Even when governments do not explicitly prohibit same-sex relations, humanitarian and development actors leading LGBTIQ+ inclusive programming face difficulties to reach target communities. In order words, legislation preventing the registration of LGBTIQ+ CSOs harms the implantability of rights-based humanitarian and development interventions focused on empowering marginalized people with diverse SOGIESC. Instead, although limited, reaching parts of this population is sometimes possible through needs-based rather than rights-based programming. Programming on the prevention of sexually transmitted infections (STIs) has been used to contact men who have sex with men as well as trans women but does not reach lesbian or bisexual women and gender-diverse people assigned female at birth. As previous research showed for the case of China, CSOs registered with the purpose of HIV/AIDS prevention became spaces for GBQ men that were supported by international public health organizations; however, LBQ women remained marginalized, invisible, and underfunded, because similar avenues to registering CSOs were not available to them. Additionally, existing programming around sexual and gender-based violence (SGBV), including prevention and the protection of survivors, is often targeting women and people assigned female at birth. To date, SOGIESC issues are not often taken into consideration in these spaces, nor are humanitarian and development staff necessarily trained on the needs of people with diverse SOGIESC. However, SGBV programming could potentially be used as an entry strategy into marginalized communities, including LBQ women.

In contexts where same-sex relations and the expression of diverse genders are prohibited, but the registration and activities of SOGIESC CSOs are not, related advocacy is possible. Through targeted efforts, these CSOs have been successful at slowly shifting social norms towards greater acceptance of people with diverse SOGIESC which, in turn, might lead to legal changes, as the case of Guyana shows. However, as outlined within the Humanitarian Principles, neutrality is central to the successful work of humanitarian organizations which prevents them from openly supporting LGBTIQ+ CSOs at the national or regional level when SOGIESC rights are not legally guaranteed. The need to maintain access and ensure the safety of both staff and local communities is prioritized here over participating in local advocacy movements.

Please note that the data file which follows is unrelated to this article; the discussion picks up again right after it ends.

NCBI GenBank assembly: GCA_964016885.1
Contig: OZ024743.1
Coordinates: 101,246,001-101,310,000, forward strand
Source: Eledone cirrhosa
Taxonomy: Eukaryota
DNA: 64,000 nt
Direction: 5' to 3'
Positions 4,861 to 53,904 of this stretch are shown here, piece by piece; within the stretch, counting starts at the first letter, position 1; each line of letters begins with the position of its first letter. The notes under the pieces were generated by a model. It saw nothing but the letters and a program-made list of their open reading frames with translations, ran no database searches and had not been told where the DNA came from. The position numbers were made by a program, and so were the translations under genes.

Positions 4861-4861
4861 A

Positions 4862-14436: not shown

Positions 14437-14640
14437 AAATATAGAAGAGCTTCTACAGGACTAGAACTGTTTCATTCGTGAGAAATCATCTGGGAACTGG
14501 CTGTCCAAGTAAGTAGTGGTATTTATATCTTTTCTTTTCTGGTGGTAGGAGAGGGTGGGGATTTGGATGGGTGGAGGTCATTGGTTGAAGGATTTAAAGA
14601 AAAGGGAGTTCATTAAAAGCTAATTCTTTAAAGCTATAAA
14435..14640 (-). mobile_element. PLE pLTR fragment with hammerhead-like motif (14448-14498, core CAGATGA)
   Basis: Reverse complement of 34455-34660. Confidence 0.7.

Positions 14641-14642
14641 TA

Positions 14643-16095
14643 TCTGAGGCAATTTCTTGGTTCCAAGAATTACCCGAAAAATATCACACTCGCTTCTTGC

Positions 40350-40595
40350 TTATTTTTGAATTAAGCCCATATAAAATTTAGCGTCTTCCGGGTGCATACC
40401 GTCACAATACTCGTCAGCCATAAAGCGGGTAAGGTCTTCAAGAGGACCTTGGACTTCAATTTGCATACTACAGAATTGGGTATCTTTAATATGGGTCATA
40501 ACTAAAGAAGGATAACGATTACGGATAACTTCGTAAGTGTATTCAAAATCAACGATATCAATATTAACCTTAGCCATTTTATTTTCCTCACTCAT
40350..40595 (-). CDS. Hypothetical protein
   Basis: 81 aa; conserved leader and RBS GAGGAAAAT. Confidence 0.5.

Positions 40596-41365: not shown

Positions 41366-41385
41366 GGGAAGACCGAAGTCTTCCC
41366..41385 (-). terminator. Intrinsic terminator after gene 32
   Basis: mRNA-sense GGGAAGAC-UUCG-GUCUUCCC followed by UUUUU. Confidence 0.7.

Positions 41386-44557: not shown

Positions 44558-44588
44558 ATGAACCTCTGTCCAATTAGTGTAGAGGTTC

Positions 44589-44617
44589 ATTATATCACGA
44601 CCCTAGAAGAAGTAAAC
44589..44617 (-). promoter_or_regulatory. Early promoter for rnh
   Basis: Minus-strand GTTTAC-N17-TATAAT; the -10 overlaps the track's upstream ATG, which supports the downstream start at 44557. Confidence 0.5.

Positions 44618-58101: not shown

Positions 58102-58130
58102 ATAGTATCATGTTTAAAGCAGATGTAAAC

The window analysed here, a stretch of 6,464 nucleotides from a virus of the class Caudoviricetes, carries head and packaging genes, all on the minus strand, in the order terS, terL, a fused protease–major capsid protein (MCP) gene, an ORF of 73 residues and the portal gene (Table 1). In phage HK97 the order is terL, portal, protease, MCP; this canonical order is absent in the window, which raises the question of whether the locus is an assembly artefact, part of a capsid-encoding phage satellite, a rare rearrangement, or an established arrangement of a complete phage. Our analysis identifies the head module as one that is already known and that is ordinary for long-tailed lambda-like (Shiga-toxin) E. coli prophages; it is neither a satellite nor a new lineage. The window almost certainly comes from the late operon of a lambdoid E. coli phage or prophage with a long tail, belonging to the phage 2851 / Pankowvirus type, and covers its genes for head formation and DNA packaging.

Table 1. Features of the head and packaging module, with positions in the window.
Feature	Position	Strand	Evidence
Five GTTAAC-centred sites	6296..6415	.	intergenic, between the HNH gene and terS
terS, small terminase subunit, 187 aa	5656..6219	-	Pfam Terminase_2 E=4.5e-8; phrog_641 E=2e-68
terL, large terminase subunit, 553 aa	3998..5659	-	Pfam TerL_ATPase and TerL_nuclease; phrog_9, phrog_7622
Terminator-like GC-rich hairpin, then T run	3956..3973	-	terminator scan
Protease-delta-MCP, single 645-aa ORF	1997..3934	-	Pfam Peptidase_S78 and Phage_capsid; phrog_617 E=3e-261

When legal frameworks punish same-sex relations while also preventing the creation of LGBTIQ+ CSOs, humanitarian and development organizations must be particularly mindful of considering the do no harm principle. It obliges their workers “to prevent and mitigate any negative impact of their actions on affected populations”. When applying this to inclusive humanitarian and development programming, considering the local political, legal, and socio-cultural contexts is crucial for preventing harmful consequences. Reaching local LGBTIQ+ people might seem essential for the implementation of rights-based approaches aimed at their empowerment, but this can be dangerous people with diverse SOGIESC are criminalized, and “perpetrators” given prison sentences or even subjected to the death penalty. Unfortunately, as highlighted in a report by International Alert, people with diverse SOGIESC in situations of conflict and displacement face even greater vulnerability, precarity, and risks of violence than in peace times, as they find themselves in unknown circumstances surrounded by potentially hostile strangers. The authors stress: “Forcibly or accidentally outing people whose social or physical survival may depend on a degree of invisibility in terms of their SOGI can have grave consequences” (p. 32). Additionally, organizations openly working on SOGIESC issues might also experience backlash and put their staff at risk when operating in adverse contexts. Therefore, alternative entry routes and programming can be essential to reach people with diverse SOGIESC in countries with prohibitionist legal frameworks.